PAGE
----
By the next generation of foals, they are full feral with a thicker muscle structure that handles physical stress much better. They are still the fragile creatures we know, but compared to domesticated breeds, ferals are a night-and-day comparison.”

Carlos runs his hands over the red fluffy's leg muscle and up to the spine to show more profound shoulder muscles. He compares them to the yellow domesticated fluffy secured immediately adjacent. First the shoulder muscles at the spine, then gesturing to the yellow fluffy’s head, as he explains further:

Carlos: “Unfortunately, ferals develop smaller brains than domesticated ones. We believe this is due to human stimulation and interaction with domestics. You can often see the results in smarty behavior. A domestic smarty will often think they are smart, but will eventually work with their owner to be happy in a sort of symbiotic relationship, as long as they are good and trained. But ferals will often think only of themselves even if you attempt to train one. Probably 60-70% of the time a feral smarty will selfishly make decisions, often leading themselves or their herd into bad situations. General interactions with them are negative and they are usually regarded as the worst kind of fluffy. Their ability to make a good plan or think past a single goal is almost never possible. All this considered, ferals are still proven to be a more reliable source unless compared to domesticated trained fluffies, which done properly can result in feral-like strength but domesticated intellect.”

Carlos moves on to the chest, where he pushes an apparently cold stethoscope against the bare skin of the red fluffy. He explains the heartbeat must be strong. There is no real science to this that he can explain, he simply says you have to train yourself to hear it.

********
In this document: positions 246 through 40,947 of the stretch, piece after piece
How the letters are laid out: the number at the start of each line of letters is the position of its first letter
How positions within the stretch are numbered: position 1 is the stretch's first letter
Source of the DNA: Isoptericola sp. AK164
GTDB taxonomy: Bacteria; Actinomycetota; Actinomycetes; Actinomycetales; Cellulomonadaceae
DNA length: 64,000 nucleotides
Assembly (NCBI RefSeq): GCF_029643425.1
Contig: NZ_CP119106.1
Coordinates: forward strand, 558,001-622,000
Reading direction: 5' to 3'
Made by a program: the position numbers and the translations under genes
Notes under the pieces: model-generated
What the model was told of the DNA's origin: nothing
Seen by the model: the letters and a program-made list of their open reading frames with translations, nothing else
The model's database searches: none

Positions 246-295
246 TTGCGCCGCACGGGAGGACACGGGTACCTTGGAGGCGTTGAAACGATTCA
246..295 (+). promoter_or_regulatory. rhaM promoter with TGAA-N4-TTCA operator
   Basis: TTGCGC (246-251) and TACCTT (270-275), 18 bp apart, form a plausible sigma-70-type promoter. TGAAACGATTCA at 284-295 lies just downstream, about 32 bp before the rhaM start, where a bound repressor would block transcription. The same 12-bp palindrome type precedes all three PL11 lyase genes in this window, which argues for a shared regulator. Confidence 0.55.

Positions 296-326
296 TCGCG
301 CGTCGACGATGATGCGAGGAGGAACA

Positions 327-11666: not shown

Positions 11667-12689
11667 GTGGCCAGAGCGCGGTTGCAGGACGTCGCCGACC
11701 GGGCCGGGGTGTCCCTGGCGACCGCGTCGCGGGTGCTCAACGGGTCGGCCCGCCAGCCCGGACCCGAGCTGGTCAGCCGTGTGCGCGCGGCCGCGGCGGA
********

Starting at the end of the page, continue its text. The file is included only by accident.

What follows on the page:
Carlos: “A heartbeat can tell you many things about a fluffy. If he has a disease, infected by worms, heart murmurs, weakness, poor response to stress or attention, or even self-doubt. There is so much we can learn right here. It is difficult to say exactly what it is I look for when doing this test. It has taken me years to “hear” what it is I’m listening to. (He gestures with his hands as though reading my perplexed face) I’ll try to put it in words. I want to hear how hard it pumps. How fast. I need to make sure there are no stutters. No irregularities that could prevent oxygen from getting to the blood. Sometimes I have to startle them or settle them down to get what I need. It is a very important test. If there is any doubt, any at all, the fluffy is instantly rejected.”

Luckily, this red one has passed the first 2 tests. So we move onto the next step; the stamina test. This test also doubles as part of the “will” test as it determines if a fluffy wants to reach its given goal.

As Carlos explains, he weighs the fluffy and checks its BMI. He then takes the fluffy over to a treadmill where the fluffy is given a cup of specially formulated kibble. Once it is done eating, and 30 minutes pass to allow the food to enter the body, it is strapped to the treadmill to begin the test to see how long and how fast it can currently run.

Now is a good time to mention that all fluffies, as a part of preparation, are squeezed of feces and starved of food overnight. This is to give all the fluffies an equal ground. The food provides a control over the amount of energy they have for the test to give more accurate results.

Carlos: “You may know, an average feral can jog up to ¼ mile before becoming too exhausted and void of energy to continue running. This distance is much less with untrained domestics. I’ve found that ferals tend to be more apt to pass this test than even specially bred fluffies, as they spend their entire lives in a paranoid state, watching for danger. Their somewhat constant vigilance keeps them in a fitter condition than many trained fluffies. However, the body fat of a feral fluffy can be quite troublesome. Similar to cows, fluffies will eat constantly, stopping only when they are so full they become uncomfortable. This causes the body to build up a thick layer of body fat. This fat adds weight we don’t want in our Kites as it can slow them down. This test will see how it responds to its own body fat, some of which was burned over night during the starvation period.”